From an everyday clinical point of view, the management of cerebral palsy demands an understanding of the epilepsy which commonly co-occurs. A prelude to such management is ensuring the correctness of both the diagnosis of cerebral palsy and the diagnosis of epilepsy.
The definitions of epileptic seizures, symptomatic epileptic seizures, and epilepsy are as generally recognized (Stephenson, 1990; Engel & Pedley, 1997), as is the definition of anoxic seizures (Stephenson & McLeod, 2000). Movement disorders are paroxysmal disorders of movement which are the result neither of epileptic nor anoxic seizures.
Cerebral palsy is generally defined as ‘a persistent disorder of movement and posture caused by nonprogressive defects or lesions of the immature brain’ (Aicardi & Bax, 1998).
Clinical imitators of cerebral palsy
It is increasingly realized that what superficially appears to be cerebral palsy in an infant may be the result of a rare treatable biochemical error, such as glucose transporter (GLUT 1) deficiency, guanidinoacetate methyltransferase deficiency with creatine deficiency, argininemia, or one of the defects in serine biosynthesis. In all these conditions epileptic seizures may co-occur. Other rare biochemical mimics include disorders of purine and pyrimidine metabolism, and organic acid disorders such as 3-methylcrotonyl-CoA carboxylase deficiency.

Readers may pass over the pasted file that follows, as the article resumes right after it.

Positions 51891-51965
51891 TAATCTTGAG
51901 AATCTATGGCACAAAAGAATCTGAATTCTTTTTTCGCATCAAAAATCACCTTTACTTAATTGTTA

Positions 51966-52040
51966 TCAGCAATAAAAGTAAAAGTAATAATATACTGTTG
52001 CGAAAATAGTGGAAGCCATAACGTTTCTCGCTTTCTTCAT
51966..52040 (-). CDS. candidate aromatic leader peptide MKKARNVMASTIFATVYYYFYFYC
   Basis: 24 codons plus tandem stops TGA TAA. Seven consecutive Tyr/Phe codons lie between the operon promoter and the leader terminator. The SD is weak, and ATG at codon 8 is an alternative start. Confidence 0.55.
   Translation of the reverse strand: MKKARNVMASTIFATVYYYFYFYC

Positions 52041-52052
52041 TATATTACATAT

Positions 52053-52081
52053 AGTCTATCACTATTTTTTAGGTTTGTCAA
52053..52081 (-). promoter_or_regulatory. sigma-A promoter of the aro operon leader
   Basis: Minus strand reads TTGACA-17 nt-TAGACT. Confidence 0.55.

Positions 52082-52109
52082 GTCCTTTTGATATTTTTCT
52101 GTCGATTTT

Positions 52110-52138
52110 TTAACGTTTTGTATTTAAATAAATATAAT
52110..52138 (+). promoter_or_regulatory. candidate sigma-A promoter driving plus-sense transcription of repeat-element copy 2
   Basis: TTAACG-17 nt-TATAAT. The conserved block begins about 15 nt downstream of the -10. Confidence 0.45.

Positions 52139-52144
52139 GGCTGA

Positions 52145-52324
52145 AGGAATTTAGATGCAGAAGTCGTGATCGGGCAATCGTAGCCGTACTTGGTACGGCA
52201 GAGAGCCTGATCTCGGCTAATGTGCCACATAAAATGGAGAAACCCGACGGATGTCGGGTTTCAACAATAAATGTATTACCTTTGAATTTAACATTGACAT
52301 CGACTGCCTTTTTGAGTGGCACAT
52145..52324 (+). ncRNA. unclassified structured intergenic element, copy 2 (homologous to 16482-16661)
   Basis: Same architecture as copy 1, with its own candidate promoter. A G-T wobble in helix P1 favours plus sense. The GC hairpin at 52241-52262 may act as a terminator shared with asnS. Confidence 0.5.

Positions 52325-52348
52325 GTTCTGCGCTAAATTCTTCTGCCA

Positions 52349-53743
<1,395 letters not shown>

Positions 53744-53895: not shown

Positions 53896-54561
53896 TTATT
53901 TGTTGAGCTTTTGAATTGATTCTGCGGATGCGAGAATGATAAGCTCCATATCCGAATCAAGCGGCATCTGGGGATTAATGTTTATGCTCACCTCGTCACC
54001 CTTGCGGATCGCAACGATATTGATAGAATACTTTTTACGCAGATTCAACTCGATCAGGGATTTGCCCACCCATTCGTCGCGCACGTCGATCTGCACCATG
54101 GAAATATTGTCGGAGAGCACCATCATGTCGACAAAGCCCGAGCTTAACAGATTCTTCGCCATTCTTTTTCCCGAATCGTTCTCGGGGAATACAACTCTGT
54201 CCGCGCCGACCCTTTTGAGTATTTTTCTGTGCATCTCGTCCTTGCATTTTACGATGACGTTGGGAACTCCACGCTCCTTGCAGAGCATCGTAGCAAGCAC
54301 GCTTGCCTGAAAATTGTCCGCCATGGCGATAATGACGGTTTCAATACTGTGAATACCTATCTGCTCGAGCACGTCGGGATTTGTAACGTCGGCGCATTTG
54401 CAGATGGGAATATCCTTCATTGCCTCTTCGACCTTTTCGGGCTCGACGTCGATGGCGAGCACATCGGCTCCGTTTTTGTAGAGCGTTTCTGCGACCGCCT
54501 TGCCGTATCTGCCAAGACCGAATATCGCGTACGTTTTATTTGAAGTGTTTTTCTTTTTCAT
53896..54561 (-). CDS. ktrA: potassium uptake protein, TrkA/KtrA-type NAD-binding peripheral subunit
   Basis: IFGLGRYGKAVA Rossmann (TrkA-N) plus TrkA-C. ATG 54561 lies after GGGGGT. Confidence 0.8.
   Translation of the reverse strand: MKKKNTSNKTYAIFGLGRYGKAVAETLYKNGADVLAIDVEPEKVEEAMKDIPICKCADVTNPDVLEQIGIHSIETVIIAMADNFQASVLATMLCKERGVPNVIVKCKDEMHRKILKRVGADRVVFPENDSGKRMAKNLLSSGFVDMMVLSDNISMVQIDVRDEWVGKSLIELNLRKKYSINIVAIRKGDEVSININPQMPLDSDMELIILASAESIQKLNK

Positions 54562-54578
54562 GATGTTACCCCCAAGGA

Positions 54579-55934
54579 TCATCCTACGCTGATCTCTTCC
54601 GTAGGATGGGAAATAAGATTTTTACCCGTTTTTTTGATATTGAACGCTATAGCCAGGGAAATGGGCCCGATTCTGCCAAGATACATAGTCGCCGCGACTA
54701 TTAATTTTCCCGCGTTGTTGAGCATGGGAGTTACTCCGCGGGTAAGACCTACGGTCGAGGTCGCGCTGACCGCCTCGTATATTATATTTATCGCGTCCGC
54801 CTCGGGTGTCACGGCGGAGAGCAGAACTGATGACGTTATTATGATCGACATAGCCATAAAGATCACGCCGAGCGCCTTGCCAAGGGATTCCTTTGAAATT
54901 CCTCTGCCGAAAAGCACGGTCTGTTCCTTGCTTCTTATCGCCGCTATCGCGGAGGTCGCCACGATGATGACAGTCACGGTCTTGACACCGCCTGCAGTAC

Hyperekplexia is an example of an ion channelopathy in which the young infant is variably hypertonic, with non-epileptic convulsions giving profound syncopes.
The autosomal recessive Aicardi–Goutières syndrome may appear to be clinically static, but the cerebral lesions are slowly progressive.
We emphasize these points because the care of young patients with cerebral palsy is often undertaken by pediatricians with no special training in neurology.